Manage episode 269882120 series 1461814
My guest today is Ben Starling III. Ben is a former director of philanthropy, has worked on huge projects like the Museum of the Bible and Scripps Research Institute. He’s from Palm Beach, Florida, and he runs a business called Southern Philanthropy. Southern Philanthropy offers custom-tailored fundraising services for profit, nonprofit organizations, and philanthropists.
Tell us a little bit about you.
My entire career has been spent on fundraising. When I was a sophomore in college, I had to work, and I answered an ad on the college billboard to go and run errands at a fundraising PR office. I really didn’t know exactly what that meant but I knew that I could run errands and the office was close to the school. So, I went down there and from that point forward, I never looked back. The gentleman was an old man, and he told me he was going to mold me into his image. I learned so much; he was a master.
What part of it did you really enjoy?
I am always inquisitive about people. I love to know what they think, what they do, what they believe, and why they believe it. I love to know where they began their life experiences. And I quickly discovered in fundraising that, true fundraising, meant that you get to know people and you get to know them generally over lunch and I love a good meal. It was exciting to listen to these people and to understand their life experiences. I come from a small southern town, and so when I met with these people and they talked about their travels around the world, the important people they knew they had experiences that I could only begin to imagine. I’ve always loved helping people and bringing people to the table. I’ve always had the gift of gab and that has enabled me to have a lot of friends and a large network. I always got great joy in bringing people together for the common good or a good cause. I realized; this is fundraising. This is my profession. This is my calling in life. It was a natural fit.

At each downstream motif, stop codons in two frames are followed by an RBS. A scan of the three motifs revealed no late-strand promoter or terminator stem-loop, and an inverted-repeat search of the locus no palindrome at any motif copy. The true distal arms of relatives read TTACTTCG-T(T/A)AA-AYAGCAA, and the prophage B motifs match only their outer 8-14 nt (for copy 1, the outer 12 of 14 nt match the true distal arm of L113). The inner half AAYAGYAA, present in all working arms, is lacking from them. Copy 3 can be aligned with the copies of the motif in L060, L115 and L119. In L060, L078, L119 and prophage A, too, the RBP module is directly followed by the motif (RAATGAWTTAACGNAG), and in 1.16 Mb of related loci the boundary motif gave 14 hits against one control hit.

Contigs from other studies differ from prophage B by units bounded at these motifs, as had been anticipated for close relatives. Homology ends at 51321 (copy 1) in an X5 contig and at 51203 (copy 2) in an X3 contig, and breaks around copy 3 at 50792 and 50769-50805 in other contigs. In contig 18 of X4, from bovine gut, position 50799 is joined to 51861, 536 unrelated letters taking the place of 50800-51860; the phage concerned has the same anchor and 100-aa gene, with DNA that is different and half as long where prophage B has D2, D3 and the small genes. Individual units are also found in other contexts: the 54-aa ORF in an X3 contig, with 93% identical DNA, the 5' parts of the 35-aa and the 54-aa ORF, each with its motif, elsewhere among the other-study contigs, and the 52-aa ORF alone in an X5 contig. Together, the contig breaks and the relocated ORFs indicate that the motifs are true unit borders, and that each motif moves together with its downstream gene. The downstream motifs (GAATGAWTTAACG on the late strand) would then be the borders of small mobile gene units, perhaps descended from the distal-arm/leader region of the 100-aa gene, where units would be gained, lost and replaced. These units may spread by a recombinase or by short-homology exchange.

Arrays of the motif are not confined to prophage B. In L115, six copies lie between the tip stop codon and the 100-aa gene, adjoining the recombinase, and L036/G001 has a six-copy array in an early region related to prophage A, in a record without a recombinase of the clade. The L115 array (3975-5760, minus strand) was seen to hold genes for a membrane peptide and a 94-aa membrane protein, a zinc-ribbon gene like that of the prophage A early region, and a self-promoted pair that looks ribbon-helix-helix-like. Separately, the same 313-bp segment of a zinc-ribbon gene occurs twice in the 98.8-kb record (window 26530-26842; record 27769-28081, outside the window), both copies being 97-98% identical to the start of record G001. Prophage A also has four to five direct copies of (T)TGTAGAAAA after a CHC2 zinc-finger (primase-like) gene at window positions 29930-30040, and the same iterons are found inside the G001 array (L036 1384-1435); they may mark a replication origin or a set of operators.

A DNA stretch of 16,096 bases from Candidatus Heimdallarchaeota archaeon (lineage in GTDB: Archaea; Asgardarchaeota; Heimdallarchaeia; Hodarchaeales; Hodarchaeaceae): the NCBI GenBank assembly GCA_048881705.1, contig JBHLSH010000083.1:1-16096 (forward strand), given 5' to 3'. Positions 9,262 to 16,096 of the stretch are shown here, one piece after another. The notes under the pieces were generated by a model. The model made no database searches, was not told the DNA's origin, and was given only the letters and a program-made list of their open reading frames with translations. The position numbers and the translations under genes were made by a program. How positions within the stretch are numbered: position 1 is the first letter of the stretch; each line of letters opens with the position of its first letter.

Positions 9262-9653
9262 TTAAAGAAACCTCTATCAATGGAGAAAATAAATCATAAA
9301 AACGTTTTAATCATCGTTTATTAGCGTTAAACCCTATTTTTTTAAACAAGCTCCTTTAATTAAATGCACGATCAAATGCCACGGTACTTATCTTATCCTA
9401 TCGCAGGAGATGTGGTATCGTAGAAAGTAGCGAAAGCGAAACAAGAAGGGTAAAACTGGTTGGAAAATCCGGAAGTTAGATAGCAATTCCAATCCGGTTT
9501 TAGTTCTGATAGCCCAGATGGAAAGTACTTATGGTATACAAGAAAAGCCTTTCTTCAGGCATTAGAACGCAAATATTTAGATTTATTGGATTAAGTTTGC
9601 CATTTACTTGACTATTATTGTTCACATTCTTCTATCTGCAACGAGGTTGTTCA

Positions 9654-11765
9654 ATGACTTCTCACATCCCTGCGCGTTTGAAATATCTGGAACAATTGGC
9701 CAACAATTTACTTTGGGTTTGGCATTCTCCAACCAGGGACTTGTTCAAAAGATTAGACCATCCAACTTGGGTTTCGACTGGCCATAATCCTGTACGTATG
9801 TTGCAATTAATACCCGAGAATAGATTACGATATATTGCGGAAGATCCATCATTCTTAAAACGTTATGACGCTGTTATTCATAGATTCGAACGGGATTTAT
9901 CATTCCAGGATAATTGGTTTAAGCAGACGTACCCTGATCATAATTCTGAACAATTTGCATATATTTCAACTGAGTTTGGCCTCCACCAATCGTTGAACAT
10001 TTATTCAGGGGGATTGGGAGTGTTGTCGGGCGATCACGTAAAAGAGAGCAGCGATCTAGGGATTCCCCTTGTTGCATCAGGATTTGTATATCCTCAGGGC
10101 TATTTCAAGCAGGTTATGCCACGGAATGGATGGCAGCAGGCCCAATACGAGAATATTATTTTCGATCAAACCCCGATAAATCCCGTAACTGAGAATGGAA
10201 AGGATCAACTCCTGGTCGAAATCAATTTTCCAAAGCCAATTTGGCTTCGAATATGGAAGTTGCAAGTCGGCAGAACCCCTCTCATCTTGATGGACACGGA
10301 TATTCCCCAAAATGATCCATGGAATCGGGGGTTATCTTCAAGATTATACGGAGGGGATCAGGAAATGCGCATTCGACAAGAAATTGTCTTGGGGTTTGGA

Is there anything that fundraisers should be scared of when it comes to trying to secure a major gift from a very wealthy person?
Absolutely not. I can tell you that I’ve worked with people all over the financial spectrum. And by far the easiest and most genuine people that you will ever work with are those at the highest levels financially. I have often given speeches of lessons from America’s billionaires or the 13 billionaires that I’ve worked with. I can tell you that they’re generally very humble people. They’re not enjoying attention drawn to their wealth, and they are committed to making a difference and in a lot of times, in fundraising, you can find people who want their picture in the paper or they want their name on a building or they want to be in the spotlight. They want to use a charity in order to get that spotlight. But when you get to the top financial levels, you don’t have to impress anyone. So, you’re not aiming to chair a gala. But what you are aiming to do is to change the world. Philanthropy at the highest levels is about changing the world. I’ll never have a billion dollars to be able to change the world myself but my contribution to changing the world is inviting others who do have that financial ability to join into an organization or to a mission and to participate financially.